Ramer v. State – burglary/expert v. lay testimony – Ramer was convicted of burglarizing Greg Isom’s tire shop in Ripley. He was sentenced to seven years without parole as an habitual. On appeal Ramer claims that the court erred when it allowed the shop owner, his employee and Ramer’s employee testified that the distinctive pattern on Ramer’s shoes looked the same as a footprint found outside the tire shop. The court finds this was not error. “There was a distinctive and identifiable large four-circle pattern on the bottom of Ramer’s shoes. The circuit court could have reasonably concluded that Isom was able to recognize the distinctive pattern without having any scientific, technical, or specialized knowledge.” Ramer also complains about the sufficiency and the weight of the evidence. The court affirms the conviction and sentence.
Gladney v. Miss. Dept of Employment Security – unemployment benefits – Gladney was employed as a full-time teacher’s assistant with the Aberdeen School District. In May 2012, the school principal told all the teacher’s assistants she needed to lay off two people and asked for volunteers. Gladney was the first to volunteer. The principal told
Gladney and the second volunteer to write a letter by lunchtime stating they would not return the following year due to lack of funds in the school district. The following day, the principal announced that because “so much drama” had ensued after she asked for volunteers, she would choose the two employees to lay off. Gladney was not one of the two employees
chosen, but Gladney was not asked or told to withdraw her letter. Gladney applied for unemployment and the school insisted she had quit without a good reason. Teh Commission denied benefits. The Miss. Court of Appeals reverses.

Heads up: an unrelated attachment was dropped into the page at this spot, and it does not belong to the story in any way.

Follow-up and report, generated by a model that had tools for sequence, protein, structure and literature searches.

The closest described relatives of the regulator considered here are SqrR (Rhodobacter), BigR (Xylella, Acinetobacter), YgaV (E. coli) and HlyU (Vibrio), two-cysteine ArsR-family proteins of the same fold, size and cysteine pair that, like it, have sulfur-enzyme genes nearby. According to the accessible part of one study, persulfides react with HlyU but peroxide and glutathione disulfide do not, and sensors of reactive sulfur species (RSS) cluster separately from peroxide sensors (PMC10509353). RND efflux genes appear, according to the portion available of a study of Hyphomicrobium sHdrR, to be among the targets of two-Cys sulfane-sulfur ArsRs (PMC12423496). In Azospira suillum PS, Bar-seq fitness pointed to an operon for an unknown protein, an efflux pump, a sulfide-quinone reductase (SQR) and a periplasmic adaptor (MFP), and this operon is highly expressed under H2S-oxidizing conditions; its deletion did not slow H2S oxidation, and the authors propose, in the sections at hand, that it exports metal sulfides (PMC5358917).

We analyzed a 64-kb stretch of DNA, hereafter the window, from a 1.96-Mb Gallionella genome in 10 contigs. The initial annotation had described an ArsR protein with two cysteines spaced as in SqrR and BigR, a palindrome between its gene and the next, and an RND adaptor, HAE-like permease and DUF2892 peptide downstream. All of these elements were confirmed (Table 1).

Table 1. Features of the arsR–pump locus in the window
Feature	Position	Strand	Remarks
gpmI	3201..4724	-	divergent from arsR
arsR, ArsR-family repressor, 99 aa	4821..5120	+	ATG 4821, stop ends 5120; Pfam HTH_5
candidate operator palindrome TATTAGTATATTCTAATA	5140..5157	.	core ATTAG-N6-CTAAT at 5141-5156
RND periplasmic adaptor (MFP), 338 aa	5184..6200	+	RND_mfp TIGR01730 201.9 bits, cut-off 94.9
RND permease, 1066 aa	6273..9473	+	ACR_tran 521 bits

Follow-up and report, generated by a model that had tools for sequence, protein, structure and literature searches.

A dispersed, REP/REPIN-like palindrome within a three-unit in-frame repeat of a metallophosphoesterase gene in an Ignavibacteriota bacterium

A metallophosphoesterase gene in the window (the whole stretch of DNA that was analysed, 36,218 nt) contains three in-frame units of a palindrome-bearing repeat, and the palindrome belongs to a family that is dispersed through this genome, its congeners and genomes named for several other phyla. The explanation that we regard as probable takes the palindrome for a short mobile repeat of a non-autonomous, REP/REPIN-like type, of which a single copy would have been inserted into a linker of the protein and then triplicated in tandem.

We find that once Gladney’s letter was accepted, it was too late for the principal to change her mind without informing Gladney that her letter would thereafter be considered a voluntarily departure if it were not withdrawn. Gladney remained under the impression she was part of the RIF. This understanding was confirmed by the school’s payroll clerk after Gladney filed for unemployment benefits. Gladney’s last day of work was May 25, 2012, and she filed for unemployment benefits on June 8, 2012. On June 13, 2012, the payroll clerk responded to a MDES “Request for Information” form, in which the clerk stated the reason for Gladney’s separation was a “RIF”/“lack of work.” The ALJ recognized this in her findings, which state: “The employer’s first response to the request for separation information was that the reason for the job separation was a reduction in force due to a lack of funds. Later the employer asserted that the claimant voluntarily resigned.” Thus, even based on the school’s own understanding at the time Gladney filed for unemployment benefits, Gladney was part of the RIF. It was not until the claim was before the claims examiner that the school asserted Gladney voluntarily quit. The MDES’s finding that Gladney was not part of the RIF is not supported by the evidence.